Investigation of 1D system CFD and 3D CFD numerical methodology applied to an experimental facility
Du Toit, C.G.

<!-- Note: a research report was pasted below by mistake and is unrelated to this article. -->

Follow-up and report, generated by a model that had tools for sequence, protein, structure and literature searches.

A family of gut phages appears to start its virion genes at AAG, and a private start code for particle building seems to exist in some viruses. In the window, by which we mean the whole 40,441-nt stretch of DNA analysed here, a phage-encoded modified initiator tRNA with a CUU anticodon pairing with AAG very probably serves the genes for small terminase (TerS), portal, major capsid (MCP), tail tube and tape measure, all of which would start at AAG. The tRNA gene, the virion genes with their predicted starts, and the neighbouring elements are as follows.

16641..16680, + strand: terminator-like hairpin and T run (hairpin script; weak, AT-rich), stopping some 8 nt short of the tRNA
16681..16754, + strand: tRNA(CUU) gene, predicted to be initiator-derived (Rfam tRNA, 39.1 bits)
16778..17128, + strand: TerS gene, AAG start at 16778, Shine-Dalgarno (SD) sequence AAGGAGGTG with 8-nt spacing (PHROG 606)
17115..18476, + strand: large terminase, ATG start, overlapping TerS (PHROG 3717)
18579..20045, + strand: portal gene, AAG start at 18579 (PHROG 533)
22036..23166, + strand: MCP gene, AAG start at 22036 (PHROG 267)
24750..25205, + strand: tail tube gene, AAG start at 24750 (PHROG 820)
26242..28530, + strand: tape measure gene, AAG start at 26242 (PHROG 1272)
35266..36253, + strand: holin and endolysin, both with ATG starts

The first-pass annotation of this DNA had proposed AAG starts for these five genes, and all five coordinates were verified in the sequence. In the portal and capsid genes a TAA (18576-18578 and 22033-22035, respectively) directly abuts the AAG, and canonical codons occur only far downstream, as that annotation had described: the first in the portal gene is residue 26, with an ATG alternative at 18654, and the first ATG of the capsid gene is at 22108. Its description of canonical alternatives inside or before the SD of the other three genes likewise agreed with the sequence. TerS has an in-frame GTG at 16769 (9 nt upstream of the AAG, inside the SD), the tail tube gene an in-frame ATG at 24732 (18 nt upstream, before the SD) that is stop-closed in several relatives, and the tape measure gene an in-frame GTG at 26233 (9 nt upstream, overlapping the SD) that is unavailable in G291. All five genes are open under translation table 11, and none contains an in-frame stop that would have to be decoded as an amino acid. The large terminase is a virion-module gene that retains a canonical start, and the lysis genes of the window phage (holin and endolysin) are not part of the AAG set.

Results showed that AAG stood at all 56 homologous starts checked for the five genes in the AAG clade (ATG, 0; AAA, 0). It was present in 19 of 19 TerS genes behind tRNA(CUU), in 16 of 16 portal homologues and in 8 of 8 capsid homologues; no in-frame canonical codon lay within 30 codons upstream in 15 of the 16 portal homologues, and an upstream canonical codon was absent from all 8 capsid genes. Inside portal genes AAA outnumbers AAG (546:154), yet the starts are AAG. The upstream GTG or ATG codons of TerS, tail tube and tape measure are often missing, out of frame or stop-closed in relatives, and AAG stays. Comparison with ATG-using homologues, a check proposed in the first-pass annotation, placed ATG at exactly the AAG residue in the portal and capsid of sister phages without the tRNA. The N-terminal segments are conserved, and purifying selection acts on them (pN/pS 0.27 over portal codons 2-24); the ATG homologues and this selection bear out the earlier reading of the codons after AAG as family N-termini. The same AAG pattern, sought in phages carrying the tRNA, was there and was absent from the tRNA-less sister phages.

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The fourth generation gas-cooled nuclear reactor designs provide a promising prospect for energy and process heat generation. The designs` cycles have high thermal efficiencies, require relatively little fuel and are safe to operate. The process of fission does not emit carbon dioxide therefore not adding more greenhouse gases to the atmosphere. Nuclear power stations are subject to strict regulations and safety standards since an accident could have severe consequences. The regulations stipulate, amongst other things, that the nuclear system`s behaviour must be able to be predicted under all conditions. To this end, the computational methods used to predict the behaviour must be verified and validated. The phenomena in a nuclear reactor can be very complex and computationally expensive to model, especially when using a 3D CFD approach. The use of 1D system CFD can be employed with improvements in computational time, but with limitations in terms of detail. 1D methodology must therefore be verified and validated against 3D methodologies and experiments to ensure that all of the relevant phenomena are accounted for. The reactor cavity cooling system experimental facility at the University of Wisconsin was simulated by using a combination of 1D methodology by using Flownex SE and 3D methodologies by using ANSYS Fluent. The facility is a scale model of the reactor cavity cooling system (RCCS) of a modular high temperature gas cooled reactor (MHTGR). The RCCS operates solely on buoyancy forces, making it independent of both operator input and power source. The buoyancy driven flow also required the proper correlations be used when numerically simulating the phenomena. The coolant loop consists of a pipe network, which is fed from a tank, that passes through a heated cavity (the latter emulates the reactor cavity). Various levels of heat were added during experiments at the heated cavity, simulating various conditions that could occur in a full scale prototype. The experimental conditions were used as boundary conditions in the CFD/system CFD simulations and the results were compared. The heated cavity and the water tank necessitated the use of 3D CFD methodologies, while a 1D approach was used in the other parts of the system. The numerical results obtained by simulation compare well with the experimental results